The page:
This week we’re interested in how we best experience artworks, specifically in the gallery setting.
Often galleries are characterised as quiet, contemplative spaces, where you may be told off for talking too loudly.
But many museum and gallery spaces are actually supreme social spaces.Great places for first dates, family outings, meeting friends and showing off!
We tend to do other cultural things in groups, we often find like-minded friends to go to a concert or the theatre with, and discuss afterwards, but there is something about the gallery or museum that creates a space between, that potentially allows you a meditative time and a social experience simultaneously.
The experiences I return to most often to recharge my art batteries tend to be the ones I had by myself – time to sit with Piero della Francesca’s Baptism of Christ in the National Gallery on a wet lunchtime or seeing Charles Avery’s The Islanders. But the ones I talk about most? Probably the ones that I had a social experience with – seeing people disappear into Miroslaw Balka’s How It Is for the first time, for example. Obviously some artists set out to set up social experiences for you, and some works inherently are best seen by yourself.
Here artist Olafur Eliasson talks about how experiences of The Weather Project 2003 were both collective and singular or individual.
So, in general, do you visit galleries as a social experience, or do you go for a contemplative, meditative experience?
To set you thinking, we asked people around the organisation to talk about works they’d seen at Tate (both on display now, or long gone) that were affected by the people they were with (or not with!), and which make them want to talk about art, spark them off in new directions or want to take other people in there as soon as possible.
I always tell people to go and see the Coral Reef by Mike Nelson at Tate Britain. Sometimes I take them to its blank front door and leave them there. I don’t want to go round with them, because I’ll giggle and stare at their reactions, and spoil all of the surprises. But afterwards, we’re all in the Coral Reef Club of Unfinished Sentences. ‘But did you see the – ?’ ‘And what about the – ?’ ‘And then the – !’ I’m not sure what I’ll recommend when it’s gone, it’s like a magnet in the middle of the gallery, and like an itch inside my head.
Hannah Flynn, Great British Art Debate coordinator
My encounter with Martin Creed’s Work No.210 Half the air in a given space made me feel like an explorer. Walking into 10 feet of balloons alone felt exciting, disorientating, funny, a little claustrophobic, and thought provoking. The gallery space so well known to me became a foreign country demanding new skills for navigation. Once mastered it was a joy to lead the nervous and hesitant into the latex sea!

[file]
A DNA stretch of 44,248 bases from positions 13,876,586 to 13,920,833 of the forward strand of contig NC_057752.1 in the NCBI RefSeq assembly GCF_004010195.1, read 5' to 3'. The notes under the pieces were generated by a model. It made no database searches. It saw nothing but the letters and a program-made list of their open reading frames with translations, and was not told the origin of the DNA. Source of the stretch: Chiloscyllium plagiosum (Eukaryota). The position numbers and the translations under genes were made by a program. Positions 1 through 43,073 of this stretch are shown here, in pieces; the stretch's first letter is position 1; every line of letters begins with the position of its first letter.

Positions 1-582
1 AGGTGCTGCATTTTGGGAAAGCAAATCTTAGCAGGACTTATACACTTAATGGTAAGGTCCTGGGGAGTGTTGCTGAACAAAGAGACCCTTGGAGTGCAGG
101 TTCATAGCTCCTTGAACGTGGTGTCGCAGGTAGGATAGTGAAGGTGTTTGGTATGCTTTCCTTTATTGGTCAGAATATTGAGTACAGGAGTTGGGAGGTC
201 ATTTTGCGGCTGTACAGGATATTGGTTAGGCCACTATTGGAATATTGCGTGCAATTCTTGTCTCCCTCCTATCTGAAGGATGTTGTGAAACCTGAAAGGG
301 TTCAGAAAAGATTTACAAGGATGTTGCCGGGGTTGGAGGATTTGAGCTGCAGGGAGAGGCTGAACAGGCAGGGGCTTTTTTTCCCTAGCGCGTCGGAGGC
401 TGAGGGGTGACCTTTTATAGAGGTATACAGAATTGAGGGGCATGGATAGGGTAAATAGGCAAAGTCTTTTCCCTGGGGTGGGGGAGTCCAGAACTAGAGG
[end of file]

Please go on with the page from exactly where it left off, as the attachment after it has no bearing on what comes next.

Mark Osterfield, Executive Director Tate St Ives
Olafur Eliasson’s The Weather Project 2003 prompted an unexpectedly social and yet intensely contemplative experience. Lying on the turbine hall floor to gaze into the mirror above, a group of visitors arranged their bodies (backwards!) to spell NO WAR. Suddenly my reflective self was plunged back to reality, lured by the sun.Mike Nelson: The Coral Reef A maze of dystopian locations: echoes of war, torture and horror. Rooms with ages furniture and old-fashioned fans. Discarded magazines. Guns. A clown mask. Would it have been the same without a terrified female companion? I visited again later with someone else, totally nonplussed by the experience. It wasn’t the same.
Susan Holtham PA to Director, Audiences and Media
Rob Adamson, Technical Architect:
The novelty of walking through Wayne Hemingway’s Sculpture Remixed display never wore off for me. Seeing some of the Tate collection’s most famous sculptures in a silent disco setting was a surreal feeling, and never failed to make me smile even by myself on my most hectic days. It was also a great display to visit with friends though, who thought that art galleries were stuffy and not for them, and it was always fun to see how surprised they were by what they saw.
Carly Townsend, Marketing Assistant
Olafur Eliasson’s Weather Project is the only artwork I can recall where I felt that the crowds of visitors really contributed to the work through their presence. In my mind’s eye I can’t divorce the installation from the throng of viewers on the Turbine Hall bridge, heads silhouetted against the giant ‘sun’, or the reflections in the mirrored ceiling of the shapes that people lying on the floor below formed with their bodies. The presence of a crowd seemed to be integral to the effect of that particular artwork.
Alex Pilcher, Web Designer
Tate Debate aims to open up new discussions around art, museum practice and wider culture. The topics debated are chosen and written by a range of people across the organisation.